Another important source of sulphur in groundwater is atmospheric sulphur, although it comprises only minor contribution compared with the addition of sulphate in the subsurface. Hence, the atmospheric sulphur affects particularly the δ34S composition of shallow groundwaters (Clark & Fritz 1997). Atmospheric sulphate’s isotopic composition is mainly controlled by: i) emissions from fossil fuel combustion, ii) sulphate from sea spray in coastal areas, and iii) volcanic exhalation. In general, the δ34S composition of atmospheric sulphur is between -3‰ and +9‰, and the δ18O composition between +7‰ and +17‰ (Clark & Fritz 1997, Krouse & Mayer 2000). Anthropogenic sulphur in the atmosphere can comprise more than two-thirds of the total atmospheric sulphur, and particularly in northern industrial areas its influence can be greater (e.g. Clark & Fritz 1997, SAHRA 2015). In addition to these three sources of sulphur in the groundwater (marine, terrestrial and atmospheric), some local, anthropogenic sources could exist, for example, fertilizers or mining effluents (e.g. Halas et al. 1998, Otero & Soler 2002). Nevertheless, the distinct δ34S and δ18O compositions of sulphates from different sources can be recognized and the groundwater evolution and its flow path studied (Clark & Fritz 1997).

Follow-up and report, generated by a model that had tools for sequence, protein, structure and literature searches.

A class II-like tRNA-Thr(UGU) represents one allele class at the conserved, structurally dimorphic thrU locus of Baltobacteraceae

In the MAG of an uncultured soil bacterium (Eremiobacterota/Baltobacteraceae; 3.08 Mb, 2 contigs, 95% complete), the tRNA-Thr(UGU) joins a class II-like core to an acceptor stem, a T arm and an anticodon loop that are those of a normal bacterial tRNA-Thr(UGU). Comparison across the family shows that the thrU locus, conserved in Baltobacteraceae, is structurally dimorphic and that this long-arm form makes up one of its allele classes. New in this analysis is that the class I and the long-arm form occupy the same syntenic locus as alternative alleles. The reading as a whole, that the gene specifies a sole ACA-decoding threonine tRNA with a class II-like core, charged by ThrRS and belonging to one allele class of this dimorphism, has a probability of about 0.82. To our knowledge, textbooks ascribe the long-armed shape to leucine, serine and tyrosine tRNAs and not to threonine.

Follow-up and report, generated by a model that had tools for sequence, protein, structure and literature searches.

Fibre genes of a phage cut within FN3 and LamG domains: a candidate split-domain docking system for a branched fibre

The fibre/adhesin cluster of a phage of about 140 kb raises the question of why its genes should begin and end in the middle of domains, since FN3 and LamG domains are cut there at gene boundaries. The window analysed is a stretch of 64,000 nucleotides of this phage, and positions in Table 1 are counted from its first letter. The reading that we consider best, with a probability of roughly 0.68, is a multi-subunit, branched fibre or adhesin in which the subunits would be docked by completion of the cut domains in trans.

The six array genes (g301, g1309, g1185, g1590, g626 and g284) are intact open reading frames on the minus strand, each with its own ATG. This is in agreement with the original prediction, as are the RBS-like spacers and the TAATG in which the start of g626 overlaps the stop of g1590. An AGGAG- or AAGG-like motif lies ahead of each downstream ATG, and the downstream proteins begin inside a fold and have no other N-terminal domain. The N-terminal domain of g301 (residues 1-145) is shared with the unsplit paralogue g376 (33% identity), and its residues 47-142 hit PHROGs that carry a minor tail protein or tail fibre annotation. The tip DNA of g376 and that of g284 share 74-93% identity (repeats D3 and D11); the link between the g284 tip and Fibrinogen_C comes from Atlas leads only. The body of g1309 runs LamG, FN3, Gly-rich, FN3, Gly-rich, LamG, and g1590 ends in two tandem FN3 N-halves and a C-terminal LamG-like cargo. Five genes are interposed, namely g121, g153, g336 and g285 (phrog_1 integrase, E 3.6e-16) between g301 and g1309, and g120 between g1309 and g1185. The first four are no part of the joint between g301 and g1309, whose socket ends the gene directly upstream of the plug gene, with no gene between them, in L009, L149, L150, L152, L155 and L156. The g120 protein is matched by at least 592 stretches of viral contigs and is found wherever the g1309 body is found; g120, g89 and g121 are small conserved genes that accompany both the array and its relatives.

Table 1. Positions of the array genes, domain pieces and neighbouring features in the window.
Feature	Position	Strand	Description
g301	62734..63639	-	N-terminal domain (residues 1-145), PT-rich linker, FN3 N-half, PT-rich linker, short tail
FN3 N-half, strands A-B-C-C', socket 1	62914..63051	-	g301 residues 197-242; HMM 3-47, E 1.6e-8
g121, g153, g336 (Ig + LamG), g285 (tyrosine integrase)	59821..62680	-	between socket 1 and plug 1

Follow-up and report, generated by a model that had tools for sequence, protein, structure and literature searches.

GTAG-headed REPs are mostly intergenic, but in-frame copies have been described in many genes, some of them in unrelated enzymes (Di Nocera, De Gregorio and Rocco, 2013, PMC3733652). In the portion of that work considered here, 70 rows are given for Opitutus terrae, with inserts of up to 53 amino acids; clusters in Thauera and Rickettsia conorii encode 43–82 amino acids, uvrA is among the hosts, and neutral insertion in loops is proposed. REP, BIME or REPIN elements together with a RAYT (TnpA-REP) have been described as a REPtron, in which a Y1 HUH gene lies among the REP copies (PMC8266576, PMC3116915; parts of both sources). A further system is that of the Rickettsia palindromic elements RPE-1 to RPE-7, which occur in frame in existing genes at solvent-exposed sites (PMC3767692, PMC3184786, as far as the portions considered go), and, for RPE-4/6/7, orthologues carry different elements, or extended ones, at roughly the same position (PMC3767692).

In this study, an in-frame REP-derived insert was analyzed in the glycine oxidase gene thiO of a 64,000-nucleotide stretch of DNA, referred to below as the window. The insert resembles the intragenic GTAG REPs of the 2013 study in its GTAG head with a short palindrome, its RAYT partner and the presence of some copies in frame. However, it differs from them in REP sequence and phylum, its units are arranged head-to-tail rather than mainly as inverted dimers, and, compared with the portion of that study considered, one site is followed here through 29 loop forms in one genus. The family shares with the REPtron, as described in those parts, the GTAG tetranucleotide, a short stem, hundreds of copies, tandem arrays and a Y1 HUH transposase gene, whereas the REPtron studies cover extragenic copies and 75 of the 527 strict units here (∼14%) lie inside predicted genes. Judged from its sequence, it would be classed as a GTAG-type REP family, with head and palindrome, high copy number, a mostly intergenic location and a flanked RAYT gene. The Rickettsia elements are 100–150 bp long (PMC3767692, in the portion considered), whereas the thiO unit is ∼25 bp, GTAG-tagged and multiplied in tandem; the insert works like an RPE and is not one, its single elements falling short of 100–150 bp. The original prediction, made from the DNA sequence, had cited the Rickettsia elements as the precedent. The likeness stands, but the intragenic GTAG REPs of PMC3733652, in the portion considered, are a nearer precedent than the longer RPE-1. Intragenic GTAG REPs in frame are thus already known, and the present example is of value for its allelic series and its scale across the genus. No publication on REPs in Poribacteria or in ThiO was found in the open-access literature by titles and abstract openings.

Appropriate applications

Sulphur and especially sulphate isotopic compositions can be useful in determining different sources of sulphur, except where redox reactions have altered original sulphate isotopic ratios. The oxygen isotopic composition of sulphates is often affected by soil zone processes, and redox cycling of sulphur in soils can also change the isotopic composition of the original compound. The isotopic compositions of both oxygen and sulphur in sulphates must therefore be interpreted carefully. In general, however, the method is robust and well established (Robinson & Bottrell 1997). The main applications of measuring the isotopic composition of dissolved sulphate in the study of the chemistry and evolution of hydrologic systems and groundwater pollution are i) determining the source of sulphur, and ii) understanding chemical reactions occurring in groundwater systems (Vo Thi Tuong Hanh 2013). Additionally, unlike conventional chemistry, the δ34S signature of waters is not sensitive to high dilution of original brines. Sulphur isotopic signature can also be used to trace an anthropogenic source even when it is highly diluted and cannot be detected by basic chemistry (Otero & Soler 2002).

A case study of the use of sulphur isotopes in assessing impacts of mining on natural waters is presented in the following Closedure web page: